It’s hard to select individual tracks for special endorsement ; ‘Live’ works as a whole and there’s no point in comparing and contrasting studio versions, drawn from recordings that go back as far as ‘Streamline Train’ (now out of catalogue) right up to the recent ‘Rhythm Oil’, to these.  The whole album has a life of its own and exists on its own terms, a measure of how Pearson just goes from strength to strength, his singing so assured and controlled.  He has an intuitive identity with Country Blues, viewed with a town-dwellers eye, - a combination of Lowell George and Mose Allison with whom he shares a certain vocal similarity.

Lyrically, the material is not blissful – that’s not the way of the Blues, but a certain calmness of heart prevails even on the apocalyptic Dylan cover ‘Man Of Peace.’ Energetic yes, but Blues & Beyond don’t do break-neck! The disciplined musicianship backs up thematically, clear and simple songs – sometimes private, inwardly-searching (‘Don’t Take Everybody To Be Your Friend’) sometimes with a world-weary resignation (‘Deep River Blues’) they paint pictures of the world that go far beyond C&W crying over a bottle of Michelob.

Check it out, it’s no transparent bid for the pocket money of completists – never disappointing, and a fine and fitting testament to Kenny Craddock’s enduring talent.

Clive Pownceby
The Bothy Folk Club


The following are reviews of
John Pearson's Blues & Beyond CD
Rhythm Oil

Rhythm Oil

This is a very interesting release.Combining the seductive blues playing and Claptonesque vocal styles of the very talented British acoustic guitarist John Pearson, with the diversely influenced musicians who comprise Blues & Beyond. John's bassist brother George currently plays funkier blues in Sonny Black's band; accordion and mandolin man Kenny Craddock has more of a folk-rock background. Harmonicist Jem Turpin mixes Latin touches with R&B; African percussionist Nana Tsiboe is a major worldbeat experimenter - Rhythm Oil is a carefully textured piece of work that really carves its own musical niche.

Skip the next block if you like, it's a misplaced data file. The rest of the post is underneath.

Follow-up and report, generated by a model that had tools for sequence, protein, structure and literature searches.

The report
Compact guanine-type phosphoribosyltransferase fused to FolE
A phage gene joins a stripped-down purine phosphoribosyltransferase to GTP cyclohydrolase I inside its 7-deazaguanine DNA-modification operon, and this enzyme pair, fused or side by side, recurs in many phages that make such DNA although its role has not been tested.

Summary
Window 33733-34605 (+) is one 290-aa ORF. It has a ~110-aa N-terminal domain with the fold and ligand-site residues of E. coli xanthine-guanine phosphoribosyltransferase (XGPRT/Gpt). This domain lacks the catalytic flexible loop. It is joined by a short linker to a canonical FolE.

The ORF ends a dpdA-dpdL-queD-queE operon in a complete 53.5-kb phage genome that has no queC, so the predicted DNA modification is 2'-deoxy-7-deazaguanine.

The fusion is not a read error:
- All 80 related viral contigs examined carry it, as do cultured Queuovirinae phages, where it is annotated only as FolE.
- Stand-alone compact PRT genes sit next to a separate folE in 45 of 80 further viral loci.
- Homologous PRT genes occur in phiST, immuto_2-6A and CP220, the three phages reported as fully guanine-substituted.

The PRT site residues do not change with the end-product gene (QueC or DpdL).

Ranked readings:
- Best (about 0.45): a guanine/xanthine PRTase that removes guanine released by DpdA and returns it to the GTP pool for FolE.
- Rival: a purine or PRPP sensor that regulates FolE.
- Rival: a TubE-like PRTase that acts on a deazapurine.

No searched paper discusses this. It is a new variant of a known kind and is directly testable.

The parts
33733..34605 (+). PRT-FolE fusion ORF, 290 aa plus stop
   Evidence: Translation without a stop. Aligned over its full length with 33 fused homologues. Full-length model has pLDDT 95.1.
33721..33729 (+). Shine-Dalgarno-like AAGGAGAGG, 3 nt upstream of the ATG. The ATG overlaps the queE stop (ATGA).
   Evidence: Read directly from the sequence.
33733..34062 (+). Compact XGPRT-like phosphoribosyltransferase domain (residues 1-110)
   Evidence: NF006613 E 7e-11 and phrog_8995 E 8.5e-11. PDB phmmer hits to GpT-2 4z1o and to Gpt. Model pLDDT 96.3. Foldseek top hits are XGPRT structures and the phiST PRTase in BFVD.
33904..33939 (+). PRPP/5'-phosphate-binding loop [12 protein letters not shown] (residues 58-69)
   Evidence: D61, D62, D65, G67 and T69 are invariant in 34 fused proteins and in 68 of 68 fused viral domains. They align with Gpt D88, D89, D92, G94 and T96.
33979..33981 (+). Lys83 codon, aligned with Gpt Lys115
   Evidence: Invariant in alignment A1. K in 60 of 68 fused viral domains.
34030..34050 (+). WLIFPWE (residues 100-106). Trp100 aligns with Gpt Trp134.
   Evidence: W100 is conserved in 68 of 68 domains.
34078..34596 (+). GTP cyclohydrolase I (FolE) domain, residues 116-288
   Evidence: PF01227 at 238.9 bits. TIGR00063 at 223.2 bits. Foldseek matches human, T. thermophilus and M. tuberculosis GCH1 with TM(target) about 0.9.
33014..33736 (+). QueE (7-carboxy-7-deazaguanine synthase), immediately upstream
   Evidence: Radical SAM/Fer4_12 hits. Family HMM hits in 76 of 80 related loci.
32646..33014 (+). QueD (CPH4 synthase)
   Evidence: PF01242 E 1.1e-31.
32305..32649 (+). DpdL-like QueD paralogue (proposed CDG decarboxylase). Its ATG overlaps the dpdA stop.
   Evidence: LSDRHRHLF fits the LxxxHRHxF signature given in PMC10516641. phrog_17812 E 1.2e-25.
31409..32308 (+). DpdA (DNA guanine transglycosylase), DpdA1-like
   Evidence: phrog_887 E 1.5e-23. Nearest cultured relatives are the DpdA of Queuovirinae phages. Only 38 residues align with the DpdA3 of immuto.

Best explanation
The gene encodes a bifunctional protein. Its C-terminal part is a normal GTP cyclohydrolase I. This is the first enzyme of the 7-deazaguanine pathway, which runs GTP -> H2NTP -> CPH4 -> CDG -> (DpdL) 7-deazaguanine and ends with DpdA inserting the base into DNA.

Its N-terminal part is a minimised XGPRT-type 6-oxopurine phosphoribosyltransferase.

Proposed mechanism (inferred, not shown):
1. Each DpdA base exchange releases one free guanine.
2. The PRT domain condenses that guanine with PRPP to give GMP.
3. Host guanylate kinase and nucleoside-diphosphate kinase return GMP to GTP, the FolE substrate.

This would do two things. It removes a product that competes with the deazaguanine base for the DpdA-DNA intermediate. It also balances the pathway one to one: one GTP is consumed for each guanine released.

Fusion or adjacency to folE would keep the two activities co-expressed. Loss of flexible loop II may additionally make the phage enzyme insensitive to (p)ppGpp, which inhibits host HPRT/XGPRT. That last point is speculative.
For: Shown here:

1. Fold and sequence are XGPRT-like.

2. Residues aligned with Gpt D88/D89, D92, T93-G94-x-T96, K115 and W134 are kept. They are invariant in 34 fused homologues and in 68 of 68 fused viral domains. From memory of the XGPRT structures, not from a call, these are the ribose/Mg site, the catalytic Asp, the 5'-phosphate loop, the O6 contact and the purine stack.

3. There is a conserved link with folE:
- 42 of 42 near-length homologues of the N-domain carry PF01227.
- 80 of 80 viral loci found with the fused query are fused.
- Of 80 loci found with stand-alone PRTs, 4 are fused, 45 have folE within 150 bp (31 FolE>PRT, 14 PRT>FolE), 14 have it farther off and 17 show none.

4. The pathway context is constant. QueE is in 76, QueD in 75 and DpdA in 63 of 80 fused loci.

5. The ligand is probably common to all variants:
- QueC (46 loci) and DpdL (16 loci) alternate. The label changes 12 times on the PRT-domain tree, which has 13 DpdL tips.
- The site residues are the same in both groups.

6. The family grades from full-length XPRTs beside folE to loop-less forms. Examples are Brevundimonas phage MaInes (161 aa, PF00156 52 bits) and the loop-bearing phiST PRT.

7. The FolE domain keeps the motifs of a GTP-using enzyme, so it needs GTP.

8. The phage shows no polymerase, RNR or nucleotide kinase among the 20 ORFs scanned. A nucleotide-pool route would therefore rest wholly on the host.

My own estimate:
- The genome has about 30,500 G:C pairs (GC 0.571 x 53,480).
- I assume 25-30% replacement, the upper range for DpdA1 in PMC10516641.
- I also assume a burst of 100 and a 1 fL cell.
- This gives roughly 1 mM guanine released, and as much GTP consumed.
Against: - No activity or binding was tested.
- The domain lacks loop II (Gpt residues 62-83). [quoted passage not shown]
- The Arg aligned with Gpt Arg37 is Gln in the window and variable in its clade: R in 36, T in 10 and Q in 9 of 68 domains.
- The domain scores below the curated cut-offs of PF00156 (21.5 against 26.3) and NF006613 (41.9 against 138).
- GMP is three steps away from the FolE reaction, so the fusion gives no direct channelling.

Several of the songs may have previously appeared elsewhere in the Pearson canon, but this is a major new work in every sense. And just as the title brings to mind both the actual mojo lotions and potions sold along Beale Street, and some intangible quality inborn in the blues and its practitioners, so actual composite of exotic flavours and the source of some unidentifiable essence which seems to be much more than the sum of its constituent parts.

The programme itself consists of excellent blues songs by Skip James, Willie McTell and Leadbelly, a lovely Bahaman number 'Don't Take Everybody To Be Your Friend', strong, global flavoured originals 'Rhythm Oil', Island Sunrise', and tracks which cleverly suggest earlier pieces before heading off in a whole new direction. In short it's a very impressive experiment, and a CD which really grows on you with each successive play.

Paul Lewis

Are you a lover of acoustic guitar masters like John Fahey, Stephan Grossman, Davey Graham, Leo Kottke and blues heroes like Blind Willie McTell, Joseph Spence and Lonnie Johnson? Are you not averse to the African 'blues' of Ali Farka Toure or Habib Koite? Maybe English folk appeals to you as well? In that case this sixth album of John Pearson, guitar specialist from England, will certainly please you, because Pearson's Blues & Beyond do exactly what their name promises: go beyond the blues.

Without sounding forced or unnatural and seemingly without effort they couple blues with folk, Lonnie Johnson style jazz and African rhythms.